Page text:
As it moves forward leaps and bounds in developing a number of sectors, Morocco is becoming a respected actor on the world stage.
Rabat – French newspaper Le Point has hailed Morocco as a world power in the making, drawing attention to the list of social and economic changes the North African country has witnessed of late.
The paper’s almost eulogistic coverage commends Morocco socio-economic transformations, detailed in a July 11 editorial headlined “Morocco, the New Power.” The article draws a fine portrait of an already established continental or regional giant consistently flexing its muscles to make a full-throated entrance into the court of a much more respected kind of giants: world powers.
Morocco, Le Point argues, has changed for the better. And, while there are still some loopholes in the North African country’s grand design,—there is always room for improvement—the magnitude of the change and the apparent existence of the political will to move things forward make Morocco’s case more forceful to international observers. “Morocco,” the editorial puts it bluntly, is “a new power.”
To give a sense of why the north African country deserves this litany of compliments, the article went on to cite a flurry of international reports from acute observers, from the IMF to the World Bank. When it comes to the health of the Moroccan economy, and the promises of its market, most reports agree that the kingdom is a good place to invest, Le Point emphasized.
Part of the Moroccan success story has to do with an “enlightened royal vision,” “good policy choices,” a functioning multipartism, increased visibility for Moroccan women, and an increasingly robust institutional framework to meet the challenges the kingdom has set for itself in its new development plan.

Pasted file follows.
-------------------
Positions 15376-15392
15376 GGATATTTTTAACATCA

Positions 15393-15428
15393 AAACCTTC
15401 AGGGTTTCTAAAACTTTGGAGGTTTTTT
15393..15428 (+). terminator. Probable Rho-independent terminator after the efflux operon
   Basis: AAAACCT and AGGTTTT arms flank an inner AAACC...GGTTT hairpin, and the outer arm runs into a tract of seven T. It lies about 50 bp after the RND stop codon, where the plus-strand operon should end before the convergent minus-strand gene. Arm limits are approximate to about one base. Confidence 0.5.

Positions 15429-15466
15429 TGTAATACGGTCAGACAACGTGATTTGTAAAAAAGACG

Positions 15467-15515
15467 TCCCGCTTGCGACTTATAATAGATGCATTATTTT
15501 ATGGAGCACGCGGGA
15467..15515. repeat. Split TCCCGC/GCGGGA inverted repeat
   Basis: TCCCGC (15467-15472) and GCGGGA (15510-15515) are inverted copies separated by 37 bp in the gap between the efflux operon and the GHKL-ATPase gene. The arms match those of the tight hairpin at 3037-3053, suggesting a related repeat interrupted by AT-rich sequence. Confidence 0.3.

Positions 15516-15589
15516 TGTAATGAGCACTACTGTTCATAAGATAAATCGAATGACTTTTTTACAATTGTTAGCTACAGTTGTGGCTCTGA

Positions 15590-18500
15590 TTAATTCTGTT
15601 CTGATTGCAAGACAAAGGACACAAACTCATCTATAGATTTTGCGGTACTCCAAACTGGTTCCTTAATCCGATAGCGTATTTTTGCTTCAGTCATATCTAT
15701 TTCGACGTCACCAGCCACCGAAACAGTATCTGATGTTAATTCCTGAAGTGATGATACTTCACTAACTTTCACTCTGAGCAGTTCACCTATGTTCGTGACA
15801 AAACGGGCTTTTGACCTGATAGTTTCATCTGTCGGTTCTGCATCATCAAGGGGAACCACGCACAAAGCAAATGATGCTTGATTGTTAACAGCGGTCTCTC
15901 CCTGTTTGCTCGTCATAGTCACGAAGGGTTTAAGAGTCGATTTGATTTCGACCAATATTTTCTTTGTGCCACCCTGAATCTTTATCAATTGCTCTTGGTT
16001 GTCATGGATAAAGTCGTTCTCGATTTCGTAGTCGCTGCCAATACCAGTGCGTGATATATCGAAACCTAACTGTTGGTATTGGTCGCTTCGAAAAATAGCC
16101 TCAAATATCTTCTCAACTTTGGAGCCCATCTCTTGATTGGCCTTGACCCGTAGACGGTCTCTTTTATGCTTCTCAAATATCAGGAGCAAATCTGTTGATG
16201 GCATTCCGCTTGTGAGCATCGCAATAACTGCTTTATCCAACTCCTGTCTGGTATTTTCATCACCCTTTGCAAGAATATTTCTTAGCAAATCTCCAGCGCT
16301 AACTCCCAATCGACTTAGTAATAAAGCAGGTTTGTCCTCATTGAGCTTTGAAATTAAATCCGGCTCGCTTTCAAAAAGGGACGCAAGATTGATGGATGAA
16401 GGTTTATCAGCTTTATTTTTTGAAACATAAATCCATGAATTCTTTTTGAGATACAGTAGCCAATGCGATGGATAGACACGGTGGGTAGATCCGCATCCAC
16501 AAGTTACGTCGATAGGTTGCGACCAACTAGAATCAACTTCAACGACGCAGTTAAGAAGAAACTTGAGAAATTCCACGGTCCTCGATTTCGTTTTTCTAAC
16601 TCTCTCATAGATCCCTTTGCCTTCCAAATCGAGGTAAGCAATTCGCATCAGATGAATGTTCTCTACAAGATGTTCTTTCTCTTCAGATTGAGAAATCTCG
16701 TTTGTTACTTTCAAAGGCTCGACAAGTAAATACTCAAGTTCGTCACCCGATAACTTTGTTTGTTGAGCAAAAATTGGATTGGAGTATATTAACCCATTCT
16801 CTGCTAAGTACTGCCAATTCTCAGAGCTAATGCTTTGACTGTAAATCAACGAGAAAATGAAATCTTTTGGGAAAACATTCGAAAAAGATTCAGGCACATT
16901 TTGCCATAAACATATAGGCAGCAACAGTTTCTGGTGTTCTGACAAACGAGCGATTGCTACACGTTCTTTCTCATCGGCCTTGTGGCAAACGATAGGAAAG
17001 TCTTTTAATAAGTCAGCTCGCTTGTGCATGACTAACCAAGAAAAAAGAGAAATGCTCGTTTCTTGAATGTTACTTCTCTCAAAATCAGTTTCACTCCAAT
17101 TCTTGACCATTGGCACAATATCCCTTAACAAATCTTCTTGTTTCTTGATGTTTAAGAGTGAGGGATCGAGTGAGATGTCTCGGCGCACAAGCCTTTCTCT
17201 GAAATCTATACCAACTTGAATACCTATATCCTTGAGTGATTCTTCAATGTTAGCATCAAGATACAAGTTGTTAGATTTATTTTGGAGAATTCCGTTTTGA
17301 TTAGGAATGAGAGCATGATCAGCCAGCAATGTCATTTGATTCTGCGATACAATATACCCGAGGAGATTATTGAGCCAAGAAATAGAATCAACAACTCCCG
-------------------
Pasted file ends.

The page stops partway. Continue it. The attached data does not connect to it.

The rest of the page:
But there is also the construction of hypermodern infrastructure mushrooming in cities across the country.
Such strikingly “modern” infrastructure, the editorial reminds its readership, include the newly completed Tangier Med Port and the equally newly built high speed train line now connecting Tangier and Casablanca. “Here blossoms what tomorrow’s Morocco will look like,” the article says of the “audacious” urbanization projects gradually taking shape in numerous Moroccan cities.
The strength of this assertive and constantly changing Morocco resides in its qualified and country-loving human resources, Neila Tazi, a leading businesswoman and member of Morocco’s General Confederation of Enterprises (CGEM), told the French newspaper. “We may not have oil, but our real strength is found in human and geographical capital,” the businesswoman said.
Towards the end of its celebratory portrait of Morocco, Le Point acknowledged that, of course, all is not a bed of roses in the emerging, assertive Morocco. Some “fragile” points remain and need tackling.
Those have to do with a stuttering public education system, “persisting social inequalities,” an insufficient application of gender equality laws, as well as a poignant “brain drain” as a number of highly qualified Moroccans elect to emigrate for better opportunities and treatment.
Despite these persisting “fragilities,” Le Point stressed, Morocco’s openness to global free trade, its rapid industrialization, its expanding network of modern infrastructure, as well as the existence of a genuine political will suggest that “tomorrow’s Morocco” will be an even more important actor in global dealings.
Le Point may have given little space to the challenges still holding Morocco back to make its overreaching case of Morocco becoming an indispensable player on the world stage. But the French magazine is hardly the first to shower Morocco with approving nods.
Over the past three to five years, Morocco has collected applause for, among other things, its growing assertiveness in Africa, its liberal-minded reforms, and its improving migration policy (even if some latest reports have indicated grey areas in terms of Morocco’s treatment of its expanding migrant populations.)
Writing in February of last year, Ozy Media dubbed Morocco “the new emerging African power.” Since it joined the African Union, Ozy remarked, the North African country has been “riding on a combination of politics, economics and religion” to influence African politics “at a time when there’s a regional vacuum to be filled.”